Movie Review: Gunnin' For That #1 Spot

Studio: Oscilloscope Laboratories

Release Date: June 27, 2008

In the classic 1994 documentary, Hoop Dreams, we had the privilege of following two young basketball

hopefuls throughout their adolescence. Basketball was at the forefront of their

lives, as well as the motivation for the film and its characters, but seeing

them off the basketball court was the most compelling part.

In Gunnin’ For That #1

Spot we are also taken inside the lives of kids with big basketball dreams,

as Adam Yauch (a.k.a. MCA of the Beastie Boys) gives us an inside look at

2006’s inaugural Elite 24 basketball game.

Gunnin’ For That #1

Spot certainly does have traces of Hoop

Dreams in it, but more than anything it is its own movie. The biggest

difference is that it profiles eight of the top high school players in the

country, all of whom have gone on to become household names or are well on

their way.

The players chosen to be profiled were not filmed until

after their selection to the Elite 24 game, therefore we are assured of star

power. The Elite 24 All-Star Game brings the 24 best high school players,

regardless of grade to New York City for a

showcase game to be played at legendary Rucker

Park in Harlem.

Michael Beasley, Kevin Love, Jerryd Bayless, Donte Green and

Kyle Singler are a few of the players we get to know, who have since burst onto

the college basketball scene, and soon to the NBA for four of the five

mentioned, as Beasley, Love and Bayless look to be sure fire lottery picks in

this week’s NBA draft.

The highlight of the movie is in the player profiles and

seeing the different walks of life that these highly touted talents come from. We

see Kevin Love, whose father was an NBA player and the comfortable life that he

has grown up in, or Jerryd Bayless who attends yoga classes as part of his

training, and then Kyle Singler who has an extremely supportive family that has

been there for him every step of the way. 

At the same time we also witness the lives and struggles of guys

like Donte Green, who was raised in Baltimore by his grandparents after his

mother died when he was young, or Michael Beasley who was continually getting

in trouble at a young age, or Lance Stephenson, Elite 24’s youngest player, who

is walking through the streets of Coney Island as everyone puts their hopes on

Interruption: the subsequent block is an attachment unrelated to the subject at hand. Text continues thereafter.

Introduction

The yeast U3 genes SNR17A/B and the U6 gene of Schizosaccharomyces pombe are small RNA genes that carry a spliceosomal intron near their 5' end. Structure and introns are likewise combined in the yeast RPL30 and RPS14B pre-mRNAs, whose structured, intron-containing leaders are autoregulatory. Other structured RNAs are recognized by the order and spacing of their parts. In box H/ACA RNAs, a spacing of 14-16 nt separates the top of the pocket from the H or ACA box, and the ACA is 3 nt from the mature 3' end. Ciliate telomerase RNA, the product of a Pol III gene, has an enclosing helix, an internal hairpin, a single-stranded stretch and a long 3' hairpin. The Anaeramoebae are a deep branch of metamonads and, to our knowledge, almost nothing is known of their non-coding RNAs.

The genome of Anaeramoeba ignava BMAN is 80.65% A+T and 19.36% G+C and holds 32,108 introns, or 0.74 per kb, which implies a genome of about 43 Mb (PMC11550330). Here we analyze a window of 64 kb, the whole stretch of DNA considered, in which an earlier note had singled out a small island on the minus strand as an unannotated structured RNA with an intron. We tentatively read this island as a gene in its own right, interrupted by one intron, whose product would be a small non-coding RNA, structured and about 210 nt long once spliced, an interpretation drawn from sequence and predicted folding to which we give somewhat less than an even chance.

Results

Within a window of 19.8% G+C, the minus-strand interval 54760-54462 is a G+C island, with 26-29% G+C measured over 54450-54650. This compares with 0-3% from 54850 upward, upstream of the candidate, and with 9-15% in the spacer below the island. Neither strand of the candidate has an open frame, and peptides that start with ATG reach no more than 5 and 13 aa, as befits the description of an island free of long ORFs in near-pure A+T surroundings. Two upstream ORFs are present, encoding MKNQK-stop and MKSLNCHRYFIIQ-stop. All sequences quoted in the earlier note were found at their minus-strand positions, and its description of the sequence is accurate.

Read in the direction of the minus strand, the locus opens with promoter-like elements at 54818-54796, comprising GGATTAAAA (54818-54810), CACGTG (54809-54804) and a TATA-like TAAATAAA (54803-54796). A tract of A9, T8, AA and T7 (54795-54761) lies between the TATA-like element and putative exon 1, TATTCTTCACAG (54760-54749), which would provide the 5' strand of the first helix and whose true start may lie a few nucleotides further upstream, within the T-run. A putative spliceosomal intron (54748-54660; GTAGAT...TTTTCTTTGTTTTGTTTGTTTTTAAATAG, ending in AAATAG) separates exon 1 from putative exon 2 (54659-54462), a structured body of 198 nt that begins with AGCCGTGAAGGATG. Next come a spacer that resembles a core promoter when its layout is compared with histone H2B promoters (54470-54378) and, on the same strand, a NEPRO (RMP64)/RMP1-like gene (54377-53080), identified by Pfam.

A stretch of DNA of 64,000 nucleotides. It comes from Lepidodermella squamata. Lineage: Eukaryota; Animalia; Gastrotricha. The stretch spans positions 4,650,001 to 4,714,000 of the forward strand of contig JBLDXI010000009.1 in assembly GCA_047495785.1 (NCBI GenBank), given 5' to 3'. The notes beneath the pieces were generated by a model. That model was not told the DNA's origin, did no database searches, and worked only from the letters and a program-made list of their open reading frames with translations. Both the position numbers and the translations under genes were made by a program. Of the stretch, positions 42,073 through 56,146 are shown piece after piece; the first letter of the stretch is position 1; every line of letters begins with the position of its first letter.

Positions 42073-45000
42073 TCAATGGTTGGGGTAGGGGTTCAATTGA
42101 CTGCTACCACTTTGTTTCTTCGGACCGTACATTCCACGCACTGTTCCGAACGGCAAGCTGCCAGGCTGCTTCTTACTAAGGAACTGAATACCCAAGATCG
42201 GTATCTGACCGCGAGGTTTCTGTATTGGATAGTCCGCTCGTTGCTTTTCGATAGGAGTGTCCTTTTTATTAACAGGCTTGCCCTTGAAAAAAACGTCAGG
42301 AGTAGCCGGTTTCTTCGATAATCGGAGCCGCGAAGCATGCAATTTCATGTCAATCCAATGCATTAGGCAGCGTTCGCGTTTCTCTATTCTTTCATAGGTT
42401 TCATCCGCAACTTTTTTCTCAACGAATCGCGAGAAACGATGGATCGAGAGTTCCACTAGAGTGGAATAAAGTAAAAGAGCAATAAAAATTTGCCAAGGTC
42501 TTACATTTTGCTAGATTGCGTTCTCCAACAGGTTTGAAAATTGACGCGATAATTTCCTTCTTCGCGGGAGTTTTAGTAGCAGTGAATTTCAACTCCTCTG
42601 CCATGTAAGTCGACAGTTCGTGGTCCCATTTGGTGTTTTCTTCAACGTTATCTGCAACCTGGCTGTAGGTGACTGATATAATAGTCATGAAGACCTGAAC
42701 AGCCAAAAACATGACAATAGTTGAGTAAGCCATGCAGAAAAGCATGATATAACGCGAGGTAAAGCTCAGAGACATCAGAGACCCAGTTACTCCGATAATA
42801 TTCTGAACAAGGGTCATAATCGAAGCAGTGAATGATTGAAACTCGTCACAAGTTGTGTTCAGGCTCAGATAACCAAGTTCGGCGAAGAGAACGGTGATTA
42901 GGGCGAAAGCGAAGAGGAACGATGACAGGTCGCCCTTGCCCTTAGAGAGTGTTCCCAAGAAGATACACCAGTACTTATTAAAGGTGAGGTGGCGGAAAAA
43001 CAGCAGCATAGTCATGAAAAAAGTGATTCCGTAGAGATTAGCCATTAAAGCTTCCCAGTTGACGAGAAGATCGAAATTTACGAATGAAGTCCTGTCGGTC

his shoulders.

They are superstar players who exist seamlessly when on the

court together at Rucker Park, or volunteering in New York City as part of

their Elite 24 selection, but their backgrounds are drastically different.

After each of the eight players is profiled, discussed and

analyzed by various scouts, trainers and coaches, the climax of the movie is

the actual game played at Rucker

Park. With the unique camera angles and creative

editing, the highlights are presented in manner that really hasn’t been seen

before, and grasps your attention the entire time. Whether it is a Michael Beasley dunk or a

Kevin Love full court chest pass, the numerous angles and intermittent rewind

and slow motion bring you inside each play.

Throw in a strong soundtrack – you knew the co-founder of

the Beastie Boys wasn’t going to come weak on the music – and Bobbito Garcia on

the microphone with some hilarious lines – “Mike Beasley, I love your game but

your sneakers are foolish” – and you are left with pure entertainment.

As entertaining as the basketball footage is, the strongest

point of Gunnin’ For That #1 Spot, as

I’ve mentioned throughout, is getting to know these players. We see them at a

time when they are between 15 and 17 years old; extremely talented and

extremely vulnerable. More than anything we are reminded that they are real

people, children at that, dealing with distractions and uncertainties.

Two thumbs up to Adam Yauch (MCA) for successfully adding a

fresh and creative twist to the high school basketball documentary. The

combination of personal content, highlights, music and innovation make sure

there’s a little something for everyone.